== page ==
• ...

    Good to see some lawyers being afflicted with the same vibrant economy the rest of us get.

  • PD Shaw

    There may also be something fishy with that chart of other court personnel salaries. Many of those jobs are being eliminated, and those remaining have salaries reflecting seniority. What is a switchboard operator, anyway?

  • PD Shaw

    Elipses: To paraphrase Atticus Finch, the attorneys are poor, because the people they serve are poor.

  • Good to see some lawyers being afflicted with the same vibrant economy the rest of us get.

    I think there’s actually a disaster in the making for most lawyers, especially most new lawyers. The old business model is collapsing and the law schools are continuing to pump out new grads at unrealistically high cost. Unless they’re graduating from Harvard, Stanford, UoC, NU, etc. not only can they not get jobs they can’t get jobs while carrying enormous debt that isn’t dischargeable in bankruptcy.

    On the other hand one of our oldest, dearest friends is a lawyer specializing in health care law who’s earning, probably, into seven figures. This is a great time for a lawyer to specialize in health care law.

  • ...

    This is a great time for a lawyer to specialize in health care law.

    Nothing like being a rentier, is there?

  • steve

    We had one of those guys years ago. Couldn’t figure out what he did that was worth so much. Got a good GP lawyer who costs less, still not cheap, and is very accessible.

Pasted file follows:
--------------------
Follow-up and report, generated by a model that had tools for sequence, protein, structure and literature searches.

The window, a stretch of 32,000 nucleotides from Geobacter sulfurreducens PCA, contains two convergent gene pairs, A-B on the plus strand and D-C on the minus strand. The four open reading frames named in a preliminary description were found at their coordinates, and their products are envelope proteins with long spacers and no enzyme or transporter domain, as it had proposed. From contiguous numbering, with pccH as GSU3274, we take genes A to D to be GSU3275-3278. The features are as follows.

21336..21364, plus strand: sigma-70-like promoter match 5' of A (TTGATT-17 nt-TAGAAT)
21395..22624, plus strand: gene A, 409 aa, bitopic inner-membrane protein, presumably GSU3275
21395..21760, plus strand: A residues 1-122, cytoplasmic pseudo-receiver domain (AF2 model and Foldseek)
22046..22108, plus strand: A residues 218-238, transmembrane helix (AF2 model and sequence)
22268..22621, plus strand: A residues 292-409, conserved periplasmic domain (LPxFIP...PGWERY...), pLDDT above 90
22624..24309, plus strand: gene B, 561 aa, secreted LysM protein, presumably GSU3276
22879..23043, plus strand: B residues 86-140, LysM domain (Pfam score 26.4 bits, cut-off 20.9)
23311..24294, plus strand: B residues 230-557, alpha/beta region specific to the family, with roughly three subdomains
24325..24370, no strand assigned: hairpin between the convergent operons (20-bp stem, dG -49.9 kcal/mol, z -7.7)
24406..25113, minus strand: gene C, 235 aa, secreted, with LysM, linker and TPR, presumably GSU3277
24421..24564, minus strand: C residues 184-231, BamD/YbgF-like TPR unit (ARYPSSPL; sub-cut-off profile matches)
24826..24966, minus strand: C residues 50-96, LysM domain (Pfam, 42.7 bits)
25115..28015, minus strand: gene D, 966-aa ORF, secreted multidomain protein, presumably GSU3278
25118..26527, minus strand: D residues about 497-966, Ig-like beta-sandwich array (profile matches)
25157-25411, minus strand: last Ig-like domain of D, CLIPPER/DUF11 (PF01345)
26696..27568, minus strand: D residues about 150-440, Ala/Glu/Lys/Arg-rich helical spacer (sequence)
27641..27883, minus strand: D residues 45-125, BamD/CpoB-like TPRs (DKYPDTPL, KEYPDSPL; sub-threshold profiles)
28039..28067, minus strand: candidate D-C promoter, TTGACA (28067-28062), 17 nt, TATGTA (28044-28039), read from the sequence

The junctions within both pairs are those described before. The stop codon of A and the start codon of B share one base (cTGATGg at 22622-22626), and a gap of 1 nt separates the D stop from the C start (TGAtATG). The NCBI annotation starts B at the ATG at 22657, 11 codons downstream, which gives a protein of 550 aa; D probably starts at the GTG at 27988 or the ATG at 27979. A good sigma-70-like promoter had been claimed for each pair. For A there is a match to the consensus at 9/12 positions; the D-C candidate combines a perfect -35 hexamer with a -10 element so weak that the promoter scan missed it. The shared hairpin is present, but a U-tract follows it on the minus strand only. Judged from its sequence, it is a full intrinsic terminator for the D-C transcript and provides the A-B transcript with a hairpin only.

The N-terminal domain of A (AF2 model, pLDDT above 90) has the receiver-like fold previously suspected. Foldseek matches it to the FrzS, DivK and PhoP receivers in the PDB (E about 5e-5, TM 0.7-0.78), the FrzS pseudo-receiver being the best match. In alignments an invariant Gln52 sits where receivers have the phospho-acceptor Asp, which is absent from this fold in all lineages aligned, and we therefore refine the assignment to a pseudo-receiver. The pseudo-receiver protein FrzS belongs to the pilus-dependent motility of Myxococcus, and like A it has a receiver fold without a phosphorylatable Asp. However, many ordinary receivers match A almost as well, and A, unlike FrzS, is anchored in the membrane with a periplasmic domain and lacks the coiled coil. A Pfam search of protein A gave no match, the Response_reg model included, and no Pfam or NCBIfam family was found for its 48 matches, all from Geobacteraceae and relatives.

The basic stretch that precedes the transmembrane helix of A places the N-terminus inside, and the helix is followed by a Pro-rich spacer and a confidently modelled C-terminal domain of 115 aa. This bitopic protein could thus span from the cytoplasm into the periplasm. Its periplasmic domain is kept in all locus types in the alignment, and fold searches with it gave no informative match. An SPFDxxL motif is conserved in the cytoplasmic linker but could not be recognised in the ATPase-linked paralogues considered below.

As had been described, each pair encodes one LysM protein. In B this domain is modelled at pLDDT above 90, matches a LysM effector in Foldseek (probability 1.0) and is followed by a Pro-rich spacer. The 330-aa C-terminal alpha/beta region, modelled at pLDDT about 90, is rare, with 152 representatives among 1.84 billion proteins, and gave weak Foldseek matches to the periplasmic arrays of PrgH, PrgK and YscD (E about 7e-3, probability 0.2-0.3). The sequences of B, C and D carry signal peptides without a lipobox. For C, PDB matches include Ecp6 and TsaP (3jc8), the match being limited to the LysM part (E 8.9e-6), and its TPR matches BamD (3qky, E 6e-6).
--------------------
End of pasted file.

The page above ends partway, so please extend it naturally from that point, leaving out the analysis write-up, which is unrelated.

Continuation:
Back OT, the in thing now seems to be working as a paralegal or something for a couple of years before going to law school.


  • PD Shaw

    I’ll start with the law schools. Law School Tuition 1985-2012 Law school tuition regularly increases 6-7% per year (private) or 10% per year (public). What else increases like that, health care? And what would be the ostensible reason, other than demand exceeds supply. But where does the money go? There isn’t anything more expensive about a law school than a liberal arts school. (At least one explanation I’ve heard is that the law school helps underwrite other colleges)

    Law school applications dropped 38% from 2010 to 2013, which might still mean that demand exceeds supply, but there is a question of quality of the pool.

  • michael reynolds

    Ass-deep in lawyers and I can’t find a handyman.

  • PD Shaw

    @steve, my impression has been that paralegal jobs are declining, perhaps more so than lawyers, but not nearly as bad as legal secretaries. Paralegals tend to do the type of repetitive, though detailed work, that technology and out-sourcing is most competitive.

    There was an article at Volokh a year or so ago about the dismal state of affairs for legal secretaries, which was most interesting for the vitriol that anonymous lawyers in law firms spewed at senior lawyers that couldn’t type their own documents or were technology-impaired. I expect the ratio of lawyer to support staff to continue to decline.

  • Guarneri

    “What is a switchboard operator, anyway?”

    The people they set up to handle you after the Obamacare website became too frustrating………..

  • Guarneri

    “Ass-deep in lawyers and I can’t find a handyman.”

    My brother is available, but getting him to show up is problematic. Of course he does legal stuff for free. Says he knows what he’s doing, even though he’s trained in IT…………but that’s what he says about everything.

  • Guarneri

    My experience is admittedly biased. Very biased, actually. But M&A lawyers (good ones) work their arses off, get paid royally and are worth every penny.

  • jan

    Skilled plumbers, electricians, handymen are hard to find because most people want white collar, “clean” positions, and shun the more lucrative hand’s on work.